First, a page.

Philippines web abuse ring smashed in UK-led operation

Footage of a police raid

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A paedophile ring that streamed live child abuse from the Philippines over the internet has been broken up after an operation by UK police and their counterparts in Australia and the US.

The National Crime Agency says 17 Britons have been arrested in Operation Endeavour, which spanned 14 countries.

Three other inquiries into men who pay to see abuse via webcams are under way, with 139 Britons among 733 suspects.

The NCA say it is an "emerging threat", particularly in developing countries.

It said: "Extreme poverty, the increasing availability of high-speed internet and the existence of a vast and comparatively wealthy overseas customer base has led to organised crime groups exploiting children for financial gain."

Analysis

The man whose arrest sparked the entire investigation was already a convicted paedophile.

Timothy Ford was found guilty of making indecent images of children in 1992 and 2001.

At the time he was directing the Philippines abuse he was still under the supervision of a police dangerous persons management unit.

He was in contact with other British paedophiles and offered them opportunity to watch the abuse.

Ford discussed with another man setting up what they termed "pedopals vacations".

He talked about buying an internet cafe in the Philippines and renting out rooms by the hour.

Ford wrote to him "to us it's a bit of a game, but to them it's the difference between having a meal and not having a meal".

He would arrange the abuse with the children's mother and pay her money every month. The children would perform what he called "shows" for as little as 1,000 pesos (£13).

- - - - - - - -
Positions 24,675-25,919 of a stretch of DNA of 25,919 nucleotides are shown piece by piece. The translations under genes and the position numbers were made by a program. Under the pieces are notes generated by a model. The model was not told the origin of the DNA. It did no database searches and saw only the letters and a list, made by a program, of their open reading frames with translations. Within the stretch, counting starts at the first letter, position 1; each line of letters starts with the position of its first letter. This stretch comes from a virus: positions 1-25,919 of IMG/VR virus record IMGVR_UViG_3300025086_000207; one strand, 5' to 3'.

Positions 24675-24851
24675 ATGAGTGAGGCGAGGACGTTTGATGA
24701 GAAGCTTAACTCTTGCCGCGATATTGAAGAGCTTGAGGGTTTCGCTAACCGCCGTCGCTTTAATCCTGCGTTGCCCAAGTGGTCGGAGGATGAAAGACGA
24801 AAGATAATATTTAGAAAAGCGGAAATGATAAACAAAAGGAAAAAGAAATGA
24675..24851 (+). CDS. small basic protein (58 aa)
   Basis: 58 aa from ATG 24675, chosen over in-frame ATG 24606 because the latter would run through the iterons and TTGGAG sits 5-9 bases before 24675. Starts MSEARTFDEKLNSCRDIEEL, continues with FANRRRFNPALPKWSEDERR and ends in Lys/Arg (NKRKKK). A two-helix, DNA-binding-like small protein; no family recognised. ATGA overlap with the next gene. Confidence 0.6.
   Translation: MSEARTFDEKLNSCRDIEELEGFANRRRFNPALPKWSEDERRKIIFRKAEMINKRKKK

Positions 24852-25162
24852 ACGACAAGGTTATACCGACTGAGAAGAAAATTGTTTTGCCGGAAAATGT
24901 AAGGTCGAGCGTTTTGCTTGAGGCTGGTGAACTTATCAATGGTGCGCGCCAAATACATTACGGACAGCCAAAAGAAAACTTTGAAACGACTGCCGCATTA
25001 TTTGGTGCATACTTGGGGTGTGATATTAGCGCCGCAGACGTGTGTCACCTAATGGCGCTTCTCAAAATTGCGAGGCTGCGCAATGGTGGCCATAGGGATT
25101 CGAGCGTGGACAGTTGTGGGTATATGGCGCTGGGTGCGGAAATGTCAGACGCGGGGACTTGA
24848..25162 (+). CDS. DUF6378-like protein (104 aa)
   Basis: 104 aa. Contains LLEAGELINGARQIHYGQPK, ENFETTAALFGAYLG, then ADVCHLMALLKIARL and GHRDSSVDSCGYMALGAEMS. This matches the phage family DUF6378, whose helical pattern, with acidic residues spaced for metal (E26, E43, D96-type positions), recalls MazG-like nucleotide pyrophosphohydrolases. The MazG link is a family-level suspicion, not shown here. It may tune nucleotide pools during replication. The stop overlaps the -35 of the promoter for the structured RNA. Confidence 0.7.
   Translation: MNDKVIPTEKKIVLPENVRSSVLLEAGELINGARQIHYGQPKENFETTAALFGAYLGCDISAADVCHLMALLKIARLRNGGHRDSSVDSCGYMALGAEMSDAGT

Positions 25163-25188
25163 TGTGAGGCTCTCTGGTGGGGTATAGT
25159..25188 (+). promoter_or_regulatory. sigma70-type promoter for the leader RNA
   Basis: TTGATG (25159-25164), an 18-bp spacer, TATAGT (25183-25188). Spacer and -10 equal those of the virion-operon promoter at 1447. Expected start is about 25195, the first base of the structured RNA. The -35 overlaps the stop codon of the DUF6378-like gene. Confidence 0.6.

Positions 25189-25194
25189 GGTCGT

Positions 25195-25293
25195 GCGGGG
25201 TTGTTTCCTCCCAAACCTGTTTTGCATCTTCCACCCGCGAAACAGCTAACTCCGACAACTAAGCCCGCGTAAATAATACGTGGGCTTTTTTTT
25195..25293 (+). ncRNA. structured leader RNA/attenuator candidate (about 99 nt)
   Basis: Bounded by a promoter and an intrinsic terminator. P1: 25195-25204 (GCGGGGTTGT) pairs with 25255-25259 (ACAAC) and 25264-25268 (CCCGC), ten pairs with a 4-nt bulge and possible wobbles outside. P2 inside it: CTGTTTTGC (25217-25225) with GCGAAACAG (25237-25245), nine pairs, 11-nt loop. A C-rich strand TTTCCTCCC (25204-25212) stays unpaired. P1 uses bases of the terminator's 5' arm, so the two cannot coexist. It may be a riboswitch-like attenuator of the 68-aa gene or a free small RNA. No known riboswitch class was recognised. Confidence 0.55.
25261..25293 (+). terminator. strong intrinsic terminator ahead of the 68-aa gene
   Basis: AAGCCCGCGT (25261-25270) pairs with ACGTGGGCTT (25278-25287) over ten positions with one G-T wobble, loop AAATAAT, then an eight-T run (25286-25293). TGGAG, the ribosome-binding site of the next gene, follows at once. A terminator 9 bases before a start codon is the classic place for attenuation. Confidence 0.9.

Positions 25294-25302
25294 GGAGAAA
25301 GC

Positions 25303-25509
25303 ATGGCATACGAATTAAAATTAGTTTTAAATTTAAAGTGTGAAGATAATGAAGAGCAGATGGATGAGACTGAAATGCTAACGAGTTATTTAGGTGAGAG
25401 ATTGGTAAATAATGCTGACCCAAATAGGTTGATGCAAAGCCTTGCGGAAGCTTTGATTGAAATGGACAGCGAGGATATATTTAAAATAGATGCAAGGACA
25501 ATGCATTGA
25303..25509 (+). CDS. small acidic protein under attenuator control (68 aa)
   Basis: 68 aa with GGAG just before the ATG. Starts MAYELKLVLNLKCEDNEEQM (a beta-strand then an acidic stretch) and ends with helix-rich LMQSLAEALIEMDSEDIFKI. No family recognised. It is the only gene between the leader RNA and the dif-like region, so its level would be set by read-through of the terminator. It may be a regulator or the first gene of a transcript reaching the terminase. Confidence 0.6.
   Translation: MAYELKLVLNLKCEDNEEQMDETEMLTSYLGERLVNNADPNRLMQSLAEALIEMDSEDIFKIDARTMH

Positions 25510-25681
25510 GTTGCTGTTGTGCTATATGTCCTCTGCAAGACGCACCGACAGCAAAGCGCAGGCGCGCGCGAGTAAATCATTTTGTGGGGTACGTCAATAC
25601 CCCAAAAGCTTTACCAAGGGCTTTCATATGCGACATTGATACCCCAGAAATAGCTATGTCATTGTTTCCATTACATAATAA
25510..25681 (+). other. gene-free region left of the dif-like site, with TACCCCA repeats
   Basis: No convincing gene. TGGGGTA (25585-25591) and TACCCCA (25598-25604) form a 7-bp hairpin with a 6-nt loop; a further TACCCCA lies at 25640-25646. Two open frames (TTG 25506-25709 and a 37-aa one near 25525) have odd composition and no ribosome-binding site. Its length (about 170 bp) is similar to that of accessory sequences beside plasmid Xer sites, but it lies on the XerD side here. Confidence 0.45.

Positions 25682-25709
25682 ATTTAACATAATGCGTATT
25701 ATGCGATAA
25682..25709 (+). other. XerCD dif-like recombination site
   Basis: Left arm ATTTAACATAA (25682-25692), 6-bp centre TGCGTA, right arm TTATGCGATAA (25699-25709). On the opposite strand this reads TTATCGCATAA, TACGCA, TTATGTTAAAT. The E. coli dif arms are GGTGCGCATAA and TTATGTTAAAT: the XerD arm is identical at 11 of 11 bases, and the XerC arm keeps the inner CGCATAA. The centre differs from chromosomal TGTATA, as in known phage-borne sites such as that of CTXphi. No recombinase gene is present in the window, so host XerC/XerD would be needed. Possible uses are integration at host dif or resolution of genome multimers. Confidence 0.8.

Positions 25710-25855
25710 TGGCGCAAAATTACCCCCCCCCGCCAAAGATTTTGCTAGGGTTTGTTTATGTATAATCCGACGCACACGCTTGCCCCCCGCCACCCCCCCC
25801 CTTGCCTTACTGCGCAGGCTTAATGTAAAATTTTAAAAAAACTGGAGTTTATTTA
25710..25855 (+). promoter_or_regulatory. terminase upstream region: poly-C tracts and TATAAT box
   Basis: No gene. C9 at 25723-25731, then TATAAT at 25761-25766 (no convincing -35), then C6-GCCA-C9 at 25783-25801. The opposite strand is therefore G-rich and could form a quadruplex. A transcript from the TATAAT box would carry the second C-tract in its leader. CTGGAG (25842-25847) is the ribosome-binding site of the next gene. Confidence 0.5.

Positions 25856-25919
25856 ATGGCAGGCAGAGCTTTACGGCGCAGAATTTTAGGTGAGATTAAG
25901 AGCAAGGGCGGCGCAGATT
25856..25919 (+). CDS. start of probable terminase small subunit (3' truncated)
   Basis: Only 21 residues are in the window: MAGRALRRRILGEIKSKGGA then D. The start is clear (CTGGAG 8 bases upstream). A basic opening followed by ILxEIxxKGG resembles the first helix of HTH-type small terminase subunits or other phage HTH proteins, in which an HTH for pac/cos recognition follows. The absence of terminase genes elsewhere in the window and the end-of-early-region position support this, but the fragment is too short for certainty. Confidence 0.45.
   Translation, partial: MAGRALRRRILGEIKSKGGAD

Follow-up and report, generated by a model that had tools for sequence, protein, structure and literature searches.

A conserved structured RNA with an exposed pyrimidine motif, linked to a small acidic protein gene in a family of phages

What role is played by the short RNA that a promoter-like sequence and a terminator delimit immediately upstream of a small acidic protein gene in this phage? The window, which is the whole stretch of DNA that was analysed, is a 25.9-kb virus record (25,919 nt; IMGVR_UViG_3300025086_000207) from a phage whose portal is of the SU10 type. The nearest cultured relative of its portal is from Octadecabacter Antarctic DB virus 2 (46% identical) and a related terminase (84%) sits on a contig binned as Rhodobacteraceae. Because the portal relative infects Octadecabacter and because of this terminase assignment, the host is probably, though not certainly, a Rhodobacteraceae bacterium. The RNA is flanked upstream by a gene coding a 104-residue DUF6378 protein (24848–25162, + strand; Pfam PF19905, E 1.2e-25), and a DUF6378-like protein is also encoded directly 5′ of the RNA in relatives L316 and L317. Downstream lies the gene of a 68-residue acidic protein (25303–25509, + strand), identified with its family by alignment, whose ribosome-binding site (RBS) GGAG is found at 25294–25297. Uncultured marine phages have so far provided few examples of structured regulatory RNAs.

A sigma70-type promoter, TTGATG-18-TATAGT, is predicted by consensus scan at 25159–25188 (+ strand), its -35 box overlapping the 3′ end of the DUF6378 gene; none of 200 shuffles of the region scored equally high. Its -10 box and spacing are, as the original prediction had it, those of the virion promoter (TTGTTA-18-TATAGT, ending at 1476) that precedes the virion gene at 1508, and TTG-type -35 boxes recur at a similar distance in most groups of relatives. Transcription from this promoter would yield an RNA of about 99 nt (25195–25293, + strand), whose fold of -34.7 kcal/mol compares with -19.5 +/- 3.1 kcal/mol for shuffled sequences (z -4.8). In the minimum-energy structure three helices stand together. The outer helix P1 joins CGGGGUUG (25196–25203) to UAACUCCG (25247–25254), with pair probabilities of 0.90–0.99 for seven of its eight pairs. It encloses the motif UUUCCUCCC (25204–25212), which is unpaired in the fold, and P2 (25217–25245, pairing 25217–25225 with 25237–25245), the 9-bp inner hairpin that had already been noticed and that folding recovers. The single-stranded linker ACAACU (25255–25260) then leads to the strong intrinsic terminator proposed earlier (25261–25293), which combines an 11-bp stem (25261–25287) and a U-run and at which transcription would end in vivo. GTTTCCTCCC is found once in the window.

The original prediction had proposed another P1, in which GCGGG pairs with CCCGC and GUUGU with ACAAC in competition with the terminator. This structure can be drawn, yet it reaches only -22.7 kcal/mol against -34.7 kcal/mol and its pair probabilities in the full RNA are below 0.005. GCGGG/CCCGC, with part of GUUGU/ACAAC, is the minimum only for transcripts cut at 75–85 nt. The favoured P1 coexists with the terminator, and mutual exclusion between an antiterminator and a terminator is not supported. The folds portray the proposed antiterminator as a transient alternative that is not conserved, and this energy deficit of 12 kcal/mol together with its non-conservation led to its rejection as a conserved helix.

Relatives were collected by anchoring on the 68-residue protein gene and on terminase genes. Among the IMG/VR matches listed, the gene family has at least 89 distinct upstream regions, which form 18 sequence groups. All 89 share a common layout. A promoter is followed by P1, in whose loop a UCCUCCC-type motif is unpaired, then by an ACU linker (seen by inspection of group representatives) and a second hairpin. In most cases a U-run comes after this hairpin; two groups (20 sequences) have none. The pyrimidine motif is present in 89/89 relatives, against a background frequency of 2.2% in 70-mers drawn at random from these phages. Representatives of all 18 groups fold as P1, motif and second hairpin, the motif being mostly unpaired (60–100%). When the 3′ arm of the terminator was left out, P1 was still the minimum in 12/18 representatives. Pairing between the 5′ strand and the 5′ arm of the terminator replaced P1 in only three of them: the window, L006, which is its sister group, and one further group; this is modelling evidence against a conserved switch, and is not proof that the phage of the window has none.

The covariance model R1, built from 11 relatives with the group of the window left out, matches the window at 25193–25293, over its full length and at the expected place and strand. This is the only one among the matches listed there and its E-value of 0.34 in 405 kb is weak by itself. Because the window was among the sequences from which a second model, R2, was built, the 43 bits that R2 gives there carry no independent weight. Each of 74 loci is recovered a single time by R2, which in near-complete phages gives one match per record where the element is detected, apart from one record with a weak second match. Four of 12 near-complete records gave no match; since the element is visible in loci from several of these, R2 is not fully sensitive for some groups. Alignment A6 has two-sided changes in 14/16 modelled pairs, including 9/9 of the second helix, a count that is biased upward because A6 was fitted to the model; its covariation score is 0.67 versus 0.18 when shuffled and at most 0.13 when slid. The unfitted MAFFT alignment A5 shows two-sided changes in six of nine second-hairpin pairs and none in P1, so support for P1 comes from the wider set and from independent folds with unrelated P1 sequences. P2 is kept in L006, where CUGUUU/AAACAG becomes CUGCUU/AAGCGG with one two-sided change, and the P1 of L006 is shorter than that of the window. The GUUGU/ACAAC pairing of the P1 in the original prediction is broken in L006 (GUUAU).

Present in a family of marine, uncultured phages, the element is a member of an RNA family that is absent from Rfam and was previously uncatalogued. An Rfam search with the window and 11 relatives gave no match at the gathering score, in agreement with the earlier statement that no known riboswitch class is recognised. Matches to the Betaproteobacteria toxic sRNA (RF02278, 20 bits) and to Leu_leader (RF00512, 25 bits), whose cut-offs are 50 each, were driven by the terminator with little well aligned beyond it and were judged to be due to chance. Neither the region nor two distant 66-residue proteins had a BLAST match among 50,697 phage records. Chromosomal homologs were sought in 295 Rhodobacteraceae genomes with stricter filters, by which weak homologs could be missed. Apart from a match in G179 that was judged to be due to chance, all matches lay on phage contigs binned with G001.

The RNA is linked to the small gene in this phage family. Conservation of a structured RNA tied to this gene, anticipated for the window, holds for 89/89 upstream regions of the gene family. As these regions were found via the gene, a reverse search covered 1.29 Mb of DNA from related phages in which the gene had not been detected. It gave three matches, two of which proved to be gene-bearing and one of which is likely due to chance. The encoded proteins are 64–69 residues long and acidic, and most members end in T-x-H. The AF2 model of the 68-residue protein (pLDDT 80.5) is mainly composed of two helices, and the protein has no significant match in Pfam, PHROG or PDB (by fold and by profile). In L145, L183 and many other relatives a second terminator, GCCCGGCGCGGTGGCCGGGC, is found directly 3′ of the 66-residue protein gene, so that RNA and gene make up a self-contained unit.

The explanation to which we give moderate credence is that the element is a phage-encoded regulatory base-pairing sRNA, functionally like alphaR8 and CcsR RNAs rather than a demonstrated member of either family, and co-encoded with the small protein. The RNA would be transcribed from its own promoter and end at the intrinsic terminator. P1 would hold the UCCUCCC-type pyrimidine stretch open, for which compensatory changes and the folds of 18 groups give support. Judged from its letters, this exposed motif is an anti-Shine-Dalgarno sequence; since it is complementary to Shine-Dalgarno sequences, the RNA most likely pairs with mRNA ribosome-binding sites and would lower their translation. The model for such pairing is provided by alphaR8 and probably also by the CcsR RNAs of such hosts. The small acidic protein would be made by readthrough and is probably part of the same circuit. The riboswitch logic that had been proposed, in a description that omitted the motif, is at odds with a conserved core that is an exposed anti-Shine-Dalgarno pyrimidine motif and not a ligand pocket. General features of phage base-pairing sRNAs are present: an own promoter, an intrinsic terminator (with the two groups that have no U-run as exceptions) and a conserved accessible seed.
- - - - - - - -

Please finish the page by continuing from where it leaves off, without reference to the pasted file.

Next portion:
The Philippines investigation, which began in 2012, saw British officers work alongside the Australian Federal Police and US Immigration and Customs Enforcement.

Five of the 17 UK suspects arrested have been convicted; one will face no further action, and two are dead. Nine more are still being investigated.

Operation Endeavour has also resulted in 29 arrests in other countries, including 11 people suspected of facilitating the abuse in the Philippines.

Suspects have been identified in Australia, the US, France, Germany, Canada, Hong Kong, the Netherlands, Sweden, Norway, Taiwan, Denmark and Switzerland.

In the Philippines, some 15 children aged six to 15 were rescued after being identified as victims.

Payments by customers totalling more than £37,500 were uncovered by the investigation, with relatives getting paid for abuse of the children in some instances.

The investigation began in 2012 after Northamptonshire Police carried out a routine visit at the Kettering home of registered sex offender Timothy Ford, where they found a number of indecent videos on computers and a collection of DVDs recorded from webcams.

'Every link in chain'

The force contacted the UK's Child Exploitation and Online Protection Centre (Ceop) - now part of the NCA - leading to the launch of the global investigation.

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Analysis of the digital media seized led to the identification of suspects and the child victims, and the Philippine National Police became involved.

Ford was sentenced in March last year to eight-and-a-half years in prison for his role in the case.

Detectives found records of money transfers to the parents of five children whose abuse he had paid to watch.

Timothy Ford Timothy Ford was jailed last year for his role in the abuse

Among the other Britons convicted over the Philppines abuse was Michael Eller, 68, from Berkhamsted, Hertfordshire, who was jailed for 14 years last December.

Thomas Owen from Merseyside was jailed in July 2013 for seven years after being convicted as a result of the investigation.

Ceop deputy director Andy Baker said: "This investigation has identified some extremely dangerous child sexual offenders who believed paying for children to be abused to order was something they could get away with.

"Being thousands of miles away makes no difference to their guilt. In my mind they are just as responsible for the abuse of these children as the contact abusers overseas.

"Protecting the victims of abuse is our priority and that means attacking every link in the chain, from dismantling the organised groups who are motivated by profit through to targeting their customers."

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